Once the shingles were gone, they just had nails to pull. I use the "shing-go" shovel (Google for "shing-go" if you don't know what it looks like) because it works great for pulling roofing nails without bending over. And I have a bad back! It blows the other roof ripper shovels away.

When I went to help in Louisiana we were on a roofing crew and tore off roofs for 2 weeks using this technique... it works great. We did one house, which was an 18 sq hip roof, in 1 hour 40 minutes. Tearoff and put on. That was our crew's best record... by that time, most of the crew was using the technique I had passed on to them. I'm glad I noticed that roofing crew working next door. They knew what they were doing!

 
Hellrazor's Avatar
Member

Join Date: Jul 2003
Posts: 1,038
PA

04-14-07, 04:44 PM   #7 (permalink)  
Potato fork/shovel works great for ripping roofing off. Other than that I do things a bit different than X does. I rip the capping off and then drop 3' down the roof and work across. I like the extra leverage you get working up with the short handles potato fork (doesn't kill your back leaning down). You usually can work across the roof and get 3x4' to 3x8' sections loose and peeled back. Those large pieces are nice when you are directly throwing them into a dump truck.

Make sure you clean up the staples and nails or your tarpaper will look like it went through a clusterbomb attack. Doesn't do any wonders for waterproofing either. Remember to check the sheathing and make sure its nailed down correctly while you have the roof bare. I always have the framing nailer with me just in case things don't look right.

 
XSleeper's Avatar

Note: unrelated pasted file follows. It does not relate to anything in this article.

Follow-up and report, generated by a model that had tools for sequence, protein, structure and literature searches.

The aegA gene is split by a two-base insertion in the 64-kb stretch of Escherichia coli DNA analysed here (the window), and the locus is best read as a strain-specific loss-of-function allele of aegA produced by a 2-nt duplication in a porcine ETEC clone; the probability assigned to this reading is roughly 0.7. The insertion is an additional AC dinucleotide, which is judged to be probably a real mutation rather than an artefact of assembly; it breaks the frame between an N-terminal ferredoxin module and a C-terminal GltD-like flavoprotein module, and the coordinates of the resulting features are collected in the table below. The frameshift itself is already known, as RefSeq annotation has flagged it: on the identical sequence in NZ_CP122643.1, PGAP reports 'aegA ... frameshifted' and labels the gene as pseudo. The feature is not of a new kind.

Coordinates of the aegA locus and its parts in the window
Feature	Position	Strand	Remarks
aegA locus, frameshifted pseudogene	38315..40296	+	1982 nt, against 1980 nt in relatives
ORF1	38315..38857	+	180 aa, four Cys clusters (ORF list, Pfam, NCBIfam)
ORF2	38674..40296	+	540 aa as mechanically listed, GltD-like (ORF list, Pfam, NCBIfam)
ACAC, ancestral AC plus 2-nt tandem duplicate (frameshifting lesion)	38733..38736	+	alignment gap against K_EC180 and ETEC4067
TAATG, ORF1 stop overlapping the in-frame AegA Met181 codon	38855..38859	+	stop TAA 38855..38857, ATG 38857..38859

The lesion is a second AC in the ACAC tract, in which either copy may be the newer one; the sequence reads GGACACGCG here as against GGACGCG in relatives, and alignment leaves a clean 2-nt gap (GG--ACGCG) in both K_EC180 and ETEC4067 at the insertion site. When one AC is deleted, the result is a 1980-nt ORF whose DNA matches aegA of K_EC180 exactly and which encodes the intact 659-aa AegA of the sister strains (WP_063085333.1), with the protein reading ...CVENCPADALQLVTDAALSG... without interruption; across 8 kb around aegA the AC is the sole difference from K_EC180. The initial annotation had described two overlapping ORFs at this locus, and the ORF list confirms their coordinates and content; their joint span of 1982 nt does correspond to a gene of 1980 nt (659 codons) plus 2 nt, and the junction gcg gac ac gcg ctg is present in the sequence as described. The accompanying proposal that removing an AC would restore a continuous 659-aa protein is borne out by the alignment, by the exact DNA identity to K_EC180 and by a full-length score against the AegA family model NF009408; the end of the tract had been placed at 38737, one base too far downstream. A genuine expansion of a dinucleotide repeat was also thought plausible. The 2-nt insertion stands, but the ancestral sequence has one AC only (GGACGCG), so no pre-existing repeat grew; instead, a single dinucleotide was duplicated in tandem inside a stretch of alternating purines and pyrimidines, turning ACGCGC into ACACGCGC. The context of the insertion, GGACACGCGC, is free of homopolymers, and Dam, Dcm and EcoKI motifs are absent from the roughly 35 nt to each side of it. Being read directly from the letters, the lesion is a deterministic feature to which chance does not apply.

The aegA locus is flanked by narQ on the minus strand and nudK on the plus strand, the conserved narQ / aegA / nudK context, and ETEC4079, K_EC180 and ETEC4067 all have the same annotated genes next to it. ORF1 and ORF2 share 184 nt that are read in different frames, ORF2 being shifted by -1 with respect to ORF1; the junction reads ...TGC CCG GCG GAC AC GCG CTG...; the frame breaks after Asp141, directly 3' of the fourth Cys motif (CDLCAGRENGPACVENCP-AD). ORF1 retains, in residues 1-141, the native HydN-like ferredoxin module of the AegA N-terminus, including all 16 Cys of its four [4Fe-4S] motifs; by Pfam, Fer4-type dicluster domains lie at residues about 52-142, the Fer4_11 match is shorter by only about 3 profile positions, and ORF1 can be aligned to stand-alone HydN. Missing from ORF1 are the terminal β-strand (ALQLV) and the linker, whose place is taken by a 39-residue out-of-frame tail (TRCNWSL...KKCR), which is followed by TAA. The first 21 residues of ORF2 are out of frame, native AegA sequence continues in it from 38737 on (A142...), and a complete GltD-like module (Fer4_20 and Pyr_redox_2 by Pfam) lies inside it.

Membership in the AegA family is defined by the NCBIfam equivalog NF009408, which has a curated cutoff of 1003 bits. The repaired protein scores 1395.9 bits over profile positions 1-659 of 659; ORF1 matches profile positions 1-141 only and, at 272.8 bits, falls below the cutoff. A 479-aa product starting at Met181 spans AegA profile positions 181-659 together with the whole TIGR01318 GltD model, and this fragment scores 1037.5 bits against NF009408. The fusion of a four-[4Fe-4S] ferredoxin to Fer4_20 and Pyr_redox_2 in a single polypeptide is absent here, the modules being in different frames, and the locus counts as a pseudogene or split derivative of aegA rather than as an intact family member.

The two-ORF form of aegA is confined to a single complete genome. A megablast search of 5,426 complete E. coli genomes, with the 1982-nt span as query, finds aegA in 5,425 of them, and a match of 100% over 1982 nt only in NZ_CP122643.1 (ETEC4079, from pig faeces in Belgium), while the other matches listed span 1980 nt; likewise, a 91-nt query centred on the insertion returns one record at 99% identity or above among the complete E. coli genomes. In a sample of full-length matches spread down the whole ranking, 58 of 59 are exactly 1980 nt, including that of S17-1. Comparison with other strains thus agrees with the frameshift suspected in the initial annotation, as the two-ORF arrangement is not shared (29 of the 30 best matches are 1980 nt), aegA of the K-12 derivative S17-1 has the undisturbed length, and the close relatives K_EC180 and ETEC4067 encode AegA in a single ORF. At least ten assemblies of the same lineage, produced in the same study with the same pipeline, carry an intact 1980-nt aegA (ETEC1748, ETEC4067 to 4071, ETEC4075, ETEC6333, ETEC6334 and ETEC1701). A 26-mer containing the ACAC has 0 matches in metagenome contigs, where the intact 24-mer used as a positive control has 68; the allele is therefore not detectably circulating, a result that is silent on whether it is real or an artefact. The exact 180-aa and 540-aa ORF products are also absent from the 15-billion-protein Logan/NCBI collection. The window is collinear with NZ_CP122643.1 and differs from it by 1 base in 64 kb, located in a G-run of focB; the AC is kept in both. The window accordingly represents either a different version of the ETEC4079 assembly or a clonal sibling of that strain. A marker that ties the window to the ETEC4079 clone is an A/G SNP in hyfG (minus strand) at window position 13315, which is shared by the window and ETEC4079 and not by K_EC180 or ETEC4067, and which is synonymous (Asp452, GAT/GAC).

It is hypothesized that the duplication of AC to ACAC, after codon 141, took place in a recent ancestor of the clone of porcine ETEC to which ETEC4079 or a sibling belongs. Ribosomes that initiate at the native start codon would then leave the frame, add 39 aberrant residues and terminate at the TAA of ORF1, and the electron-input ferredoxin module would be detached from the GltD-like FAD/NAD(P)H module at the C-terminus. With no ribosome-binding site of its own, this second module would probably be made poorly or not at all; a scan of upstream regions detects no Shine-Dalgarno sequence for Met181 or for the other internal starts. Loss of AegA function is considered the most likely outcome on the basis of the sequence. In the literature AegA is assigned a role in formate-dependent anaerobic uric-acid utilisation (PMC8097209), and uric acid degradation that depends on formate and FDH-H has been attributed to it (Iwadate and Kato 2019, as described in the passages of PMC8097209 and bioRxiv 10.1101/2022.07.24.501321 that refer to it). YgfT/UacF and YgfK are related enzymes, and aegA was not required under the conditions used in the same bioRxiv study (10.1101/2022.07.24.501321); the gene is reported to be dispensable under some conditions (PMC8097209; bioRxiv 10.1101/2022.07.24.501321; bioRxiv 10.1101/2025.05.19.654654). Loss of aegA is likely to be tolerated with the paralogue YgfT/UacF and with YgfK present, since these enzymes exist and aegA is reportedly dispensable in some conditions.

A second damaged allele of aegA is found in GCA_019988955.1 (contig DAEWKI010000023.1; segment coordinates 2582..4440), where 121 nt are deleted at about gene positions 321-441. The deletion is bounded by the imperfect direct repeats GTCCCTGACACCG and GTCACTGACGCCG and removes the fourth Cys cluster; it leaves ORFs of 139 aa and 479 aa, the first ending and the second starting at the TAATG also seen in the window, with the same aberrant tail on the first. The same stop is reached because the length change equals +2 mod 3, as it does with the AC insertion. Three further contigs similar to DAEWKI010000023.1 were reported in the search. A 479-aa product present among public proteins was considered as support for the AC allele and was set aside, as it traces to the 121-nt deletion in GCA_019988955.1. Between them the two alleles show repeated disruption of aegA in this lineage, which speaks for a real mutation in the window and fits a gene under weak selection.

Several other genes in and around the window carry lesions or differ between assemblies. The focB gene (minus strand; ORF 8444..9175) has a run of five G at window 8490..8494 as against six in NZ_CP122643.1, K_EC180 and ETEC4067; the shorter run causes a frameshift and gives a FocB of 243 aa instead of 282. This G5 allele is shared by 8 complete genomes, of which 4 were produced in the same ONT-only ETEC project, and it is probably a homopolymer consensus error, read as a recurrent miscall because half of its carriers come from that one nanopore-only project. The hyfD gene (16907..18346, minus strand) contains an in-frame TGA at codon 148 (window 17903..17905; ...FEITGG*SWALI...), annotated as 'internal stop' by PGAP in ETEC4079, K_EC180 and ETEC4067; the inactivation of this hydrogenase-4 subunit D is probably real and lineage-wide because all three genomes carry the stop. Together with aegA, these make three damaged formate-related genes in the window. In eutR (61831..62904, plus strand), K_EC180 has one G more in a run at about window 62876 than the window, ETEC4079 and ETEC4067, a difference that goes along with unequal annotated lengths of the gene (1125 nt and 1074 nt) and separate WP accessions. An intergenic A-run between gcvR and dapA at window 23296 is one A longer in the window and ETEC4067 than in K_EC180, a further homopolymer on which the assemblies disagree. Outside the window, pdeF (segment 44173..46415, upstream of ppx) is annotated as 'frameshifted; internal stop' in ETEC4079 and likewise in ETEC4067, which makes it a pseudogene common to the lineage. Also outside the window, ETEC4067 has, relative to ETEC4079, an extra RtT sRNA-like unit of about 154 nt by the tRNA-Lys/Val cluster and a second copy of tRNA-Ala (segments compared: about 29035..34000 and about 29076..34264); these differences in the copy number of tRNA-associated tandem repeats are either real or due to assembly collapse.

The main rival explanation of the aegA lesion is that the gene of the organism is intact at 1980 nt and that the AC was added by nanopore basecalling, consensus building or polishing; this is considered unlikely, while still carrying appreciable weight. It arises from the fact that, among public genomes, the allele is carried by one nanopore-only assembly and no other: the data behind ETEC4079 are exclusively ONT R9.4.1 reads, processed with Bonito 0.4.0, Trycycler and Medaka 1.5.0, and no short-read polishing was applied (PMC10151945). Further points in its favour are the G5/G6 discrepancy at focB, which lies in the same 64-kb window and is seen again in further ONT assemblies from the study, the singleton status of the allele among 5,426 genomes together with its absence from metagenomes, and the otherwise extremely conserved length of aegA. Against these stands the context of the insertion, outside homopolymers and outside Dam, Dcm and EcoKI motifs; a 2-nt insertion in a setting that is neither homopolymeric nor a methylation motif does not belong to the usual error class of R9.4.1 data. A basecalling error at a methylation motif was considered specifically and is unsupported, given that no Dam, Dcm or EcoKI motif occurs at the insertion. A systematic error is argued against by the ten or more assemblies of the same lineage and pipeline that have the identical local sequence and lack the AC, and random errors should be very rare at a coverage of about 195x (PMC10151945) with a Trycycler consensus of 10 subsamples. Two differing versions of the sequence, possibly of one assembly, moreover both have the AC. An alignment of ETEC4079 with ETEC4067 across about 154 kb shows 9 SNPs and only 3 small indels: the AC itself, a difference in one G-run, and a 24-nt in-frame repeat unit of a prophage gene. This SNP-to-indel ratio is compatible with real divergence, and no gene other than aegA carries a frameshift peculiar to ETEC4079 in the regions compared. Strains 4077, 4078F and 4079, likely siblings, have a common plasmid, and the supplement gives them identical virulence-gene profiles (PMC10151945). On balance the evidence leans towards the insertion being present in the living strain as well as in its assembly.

Forum Topic Moderator

Join Date: Dec 2004
Posts: 18,246
NE

04-14-07, 04:57 PM   #8 (permalink)  
Sounds like about the same thing, Hellrazor. We work from the top down, but like I mentioned, you stick the fork under the tabs (from below). Like you said, it's easier on the back! Depending on how easily they come up you can take 1, 2, or 3 rows up easily at one time. When you've got 10 people tearing off, everyone just goes ballistic and rips the heck out of everything and it's not as orderly as my description of the 2 guys I saw working!

I've actually done a few roofs where you could grab the shingles at the bottom and just pull up an entire stairstepped row of them from top to bottom. (worthless staples that pull right through the old brittle shingles). The tar holds the shingles together and you just drag the whole "carpet" off the edge of the roof. Sadly, other times shingles break up into little itty-bitty pieces. Those roofs usually have dark shingles that have been baked by the sun. My motto when tearing off is, "the more the merrier." In other words, "less work for me!"

 
Hellrazor's Avatar
Member

Join Date: Jul 2003
Posts: 1,038
PA

04-15-07, 05:10 AM   #9 (permalink)  
Staples are a royal pain. It takes forever to clean them all up. I haven't run into the old dried out shingles all that often. What I hate is when people coat their roof with tar or other crap and you have to get the shingles back off.

And of course the worst of the worst... slate that was coated with sealers for 20 years.

 
demanroofer's Avatar
Member

Join Date: May 2007
Posts: 2

05-01-07, 01:03 PM   #10 (permalink)  
sharp shovel and hard work im afraid

 
Search this Thread